Saturday, March 20, 2010

T1, part 2: a mixed bag

Tonight ran the second session for the party exploring the ruins of the moat house in The Village of Hommlet. It was also my third session running 1e/OSRIC. My opinions of the games so far have been mixed, and are leading me in a direction that I actually find very surprising.

First, a recap: Dravin, Gulwar, and Amiculum hired Rogar, man-at-arms-for-hire, for a suit of old chain mail plus wages of 2 gp per day and delved back into the moat house, fighting off a horde of rats before slaying the wolf spider lurking in the tower left of the draw bridge (props to Gulwar for his clever use of a mirror in this encounter). They located the steps to the dungeon level, but elected to camp for the night in the bandit room with the door barricaded before descending.

At night, the ogre from the dungeon level wandered up from below, detected the PCs, and broke through the door. Though it managed to bash Gulwar with its club, the party just as quickly peppered it with arrows, and down it went. The party waited out the rest of the night, but then decided to return to town, wounded and out of spells. In Hommlet, word of the ogre was enough to recruit Burne on the characters' next foray - in exchange for a third of all gold and treasures found. And so, five strong, they returned once again, battling zombies, uncovering a hidden chute inside a pillar (amazing rolls here), and freeing three prisoners locked in a closet next to the dead ogre's sleeping chamber.

The session ended with an interesting exchange between the PCs and Rogar, which occurred after the gnome prisoner offered the latter an iron ring of friendship to return him to safety (prior to this, the PCs had decided they would escort the prisoners back to Hommlet only after their resources were further depleted). The characters were adamant that the ring was rightfully theirs since it was obtained while adventuring; Rogar felt otherwise. In the end, they all returned to Hommlet, and Rogar, offended by the pettiness of the dispute, tossed the ring back to the PCs, accepting a small bag of silver for it, albeit reluctantly. It should be interesting to see whether this bridge has been permanently ruptured.

So, that was what happened. Reading the above, it had all the makings of a good session. The PC-NPC interactions really stood out, and the personalities of Rogar, Burne, and even Zert (who the party nearly hired before Gulwar detected him as evil) became much more defined - these are the kinds of things that should really drive the game forward as it progresses.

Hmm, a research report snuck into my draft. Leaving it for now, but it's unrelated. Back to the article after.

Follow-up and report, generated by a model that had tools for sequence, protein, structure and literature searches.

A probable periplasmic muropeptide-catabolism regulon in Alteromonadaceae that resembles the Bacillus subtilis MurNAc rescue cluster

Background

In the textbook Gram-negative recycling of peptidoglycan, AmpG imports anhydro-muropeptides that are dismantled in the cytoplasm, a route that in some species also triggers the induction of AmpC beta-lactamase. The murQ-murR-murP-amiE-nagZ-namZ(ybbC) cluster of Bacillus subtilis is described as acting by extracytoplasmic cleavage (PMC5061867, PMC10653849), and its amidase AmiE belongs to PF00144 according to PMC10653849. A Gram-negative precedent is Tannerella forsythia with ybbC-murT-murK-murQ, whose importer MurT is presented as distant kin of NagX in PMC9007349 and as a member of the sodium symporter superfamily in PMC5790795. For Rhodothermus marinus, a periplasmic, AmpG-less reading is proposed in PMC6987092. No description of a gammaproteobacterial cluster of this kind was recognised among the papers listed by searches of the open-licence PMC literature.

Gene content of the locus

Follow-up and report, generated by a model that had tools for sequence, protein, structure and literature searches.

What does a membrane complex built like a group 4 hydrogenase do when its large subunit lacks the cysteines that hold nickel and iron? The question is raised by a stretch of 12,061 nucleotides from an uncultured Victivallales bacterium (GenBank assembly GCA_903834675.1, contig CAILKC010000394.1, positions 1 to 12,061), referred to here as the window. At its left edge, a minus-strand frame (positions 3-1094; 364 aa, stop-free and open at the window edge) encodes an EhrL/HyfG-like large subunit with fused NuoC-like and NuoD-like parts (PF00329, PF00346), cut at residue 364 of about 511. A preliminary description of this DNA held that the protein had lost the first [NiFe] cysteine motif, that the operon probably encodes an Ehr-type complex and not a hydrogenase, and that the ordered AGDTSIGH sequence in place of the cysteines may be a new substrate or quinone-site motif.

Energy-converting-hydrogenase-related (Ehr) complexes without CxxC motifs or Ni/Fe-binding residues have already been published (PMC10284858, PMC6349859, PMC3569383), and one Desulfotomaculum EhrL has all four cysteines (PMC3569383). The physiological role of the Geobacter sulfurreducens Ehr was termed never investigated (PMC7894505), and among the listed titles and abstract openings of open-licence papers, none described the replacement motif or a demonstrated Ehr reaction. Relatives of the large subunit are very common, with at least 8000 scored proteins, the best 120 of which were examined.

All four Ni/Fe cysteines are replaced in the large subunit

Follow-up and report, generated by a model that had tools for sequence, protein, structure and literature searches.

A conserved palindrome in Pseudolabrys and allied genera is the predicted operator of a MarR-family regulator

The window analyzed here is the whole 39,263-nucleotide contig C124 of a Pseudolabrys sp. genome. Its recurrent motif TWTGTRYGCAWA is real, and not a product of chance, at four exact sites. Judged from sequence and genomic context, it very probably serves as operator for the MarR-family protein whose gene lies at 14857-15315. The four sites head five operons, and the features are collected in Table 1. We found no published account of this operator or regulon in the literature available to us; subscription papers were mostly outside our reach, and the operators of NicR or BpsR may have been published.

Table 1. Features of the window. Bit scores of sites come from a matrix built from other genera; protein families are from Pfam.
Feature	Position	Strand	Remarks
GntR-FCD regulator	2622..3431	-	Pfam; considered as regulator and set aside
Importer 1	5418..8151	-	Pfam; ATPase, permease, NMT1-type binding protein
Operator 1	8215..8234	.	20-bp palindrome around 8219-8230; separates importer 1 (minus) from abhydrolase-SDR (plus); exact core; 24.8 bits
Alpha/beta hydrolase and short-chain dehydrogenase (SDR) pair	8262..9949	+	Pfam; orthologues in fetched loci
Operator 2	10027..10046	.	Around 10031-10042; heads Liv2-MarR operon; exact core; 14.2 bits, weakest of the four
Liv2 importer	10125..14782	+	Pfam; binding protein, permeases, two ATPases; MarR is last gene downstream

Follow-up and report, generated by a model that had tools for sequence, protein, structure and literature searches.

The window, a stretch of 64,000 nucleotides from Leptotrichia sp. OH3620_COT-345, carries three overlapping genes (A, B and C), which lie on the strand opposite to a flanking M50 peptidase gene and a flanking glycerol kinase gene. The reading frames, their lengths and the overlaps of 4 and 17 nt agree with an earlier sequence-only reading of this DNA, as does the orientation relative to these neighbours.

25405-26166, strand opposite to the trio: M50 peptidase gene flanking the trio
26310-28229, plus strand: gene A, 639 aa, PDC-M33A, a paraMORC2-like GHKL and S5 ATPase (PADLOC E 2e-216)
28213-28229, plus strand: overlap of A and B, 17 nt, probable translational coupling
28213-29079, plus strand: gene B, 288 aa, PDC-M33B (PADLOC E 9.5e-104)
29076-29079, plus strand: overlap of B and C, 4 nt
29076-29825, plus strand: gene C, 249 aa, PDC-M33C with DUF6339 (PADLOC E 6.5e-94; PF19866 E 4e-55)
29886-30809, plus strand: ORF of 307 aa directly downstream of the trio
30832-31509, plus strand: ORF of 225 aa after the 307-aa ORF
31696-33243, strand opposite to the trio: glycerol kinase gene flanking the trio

Despite all the good, this session was tiresome to run; three main reasons stand out to me:

  1. Combat is dry. Too many misses, too many rounds of nothing but melee attacks, over and over. Did the players get creative at times? Sure. But especially from my side of the screen, when I'm running the part of giant rats, sitting there rolling piles of d20s and just looking for 15s and higher practically puts me to sleep. The zombie fight was equally fruitless, Burne's wall of fire being the main highlight.
  2. The XP-for-treasure system is questionable. This session, it lead to lots of metagaming decisions. Treasure is good, and characters motivated by treasure are fine, but characters motivated by treasure because they need it in order to gain levels is weak sauce. Additionally, we just don't play often enough to use this XP system "by the book." As written, these PCs may not see 5th level until 2011 or later (they're currently levels 3-4, mind). Having grown up on the 2e experience tables, I certainly can respect and appreciate this kind of slow advancement, but I'm seriously doubting its long-term merit for this campaign.
  3. Looking up rules is an annoyance. Especially when there's the 2e rule that I grew up knowing, the 3e rule that I played with for several years, the 1e rule that I've read once or twice, and the OSRIC rule that I'm now using as my de facto source. How does detect evil work again? Let me double-check how this system defines it. Too much ambiguity and flipping through books, even if it's not all that frequent.
So why am I surprised by the direction this is leading? Because that direction is 4e. The above items are three core pieces of D&D that it addresses: cinematic combats (allegedly), regular advancement, and minimal rulebook references. The things that went well in this session were all system independent: what might we gain from giving 4e another shot to see how things go? With the PHB2 races and classes, all the current PCs would be easily translatable, and I could cut things I don't like (dragonborn and tieflings) to keep the "classic" D&D feel without worrying about character options being too limited.

Does that mean I want to convert my game to 4e? No. I still have many doubts about the system, two of the foremost being long, dragged-out combats and hard-coded options stifling player creativity. That said, given that I have access to the 4e version of The Village of Hommlet, the idea of letting the players re-engineer their characters for a session or two to finish the adventure in 4e is intriguing: it might be as close to an apples-to-apples comparison as I'm ever able to come up with. If not, maybe I'll try a one-off run of Keep on the Shadowfell - I just hate pulling players away from plot lines they're starting to become involved in.

Anyway, we'll see what happens. Depending on when the first domino of our kitchen remodel falls, it may be a few weeks before I have a chance to play again. Anyone reading this post, feel free to comment, especially if you're one of the players.

Experience from tonight should be forthcoming sometime this weekend. I also like where the campaign is headed, plot-wise. I feel like I have a lot of good leads and NPCs to work with.

Matt

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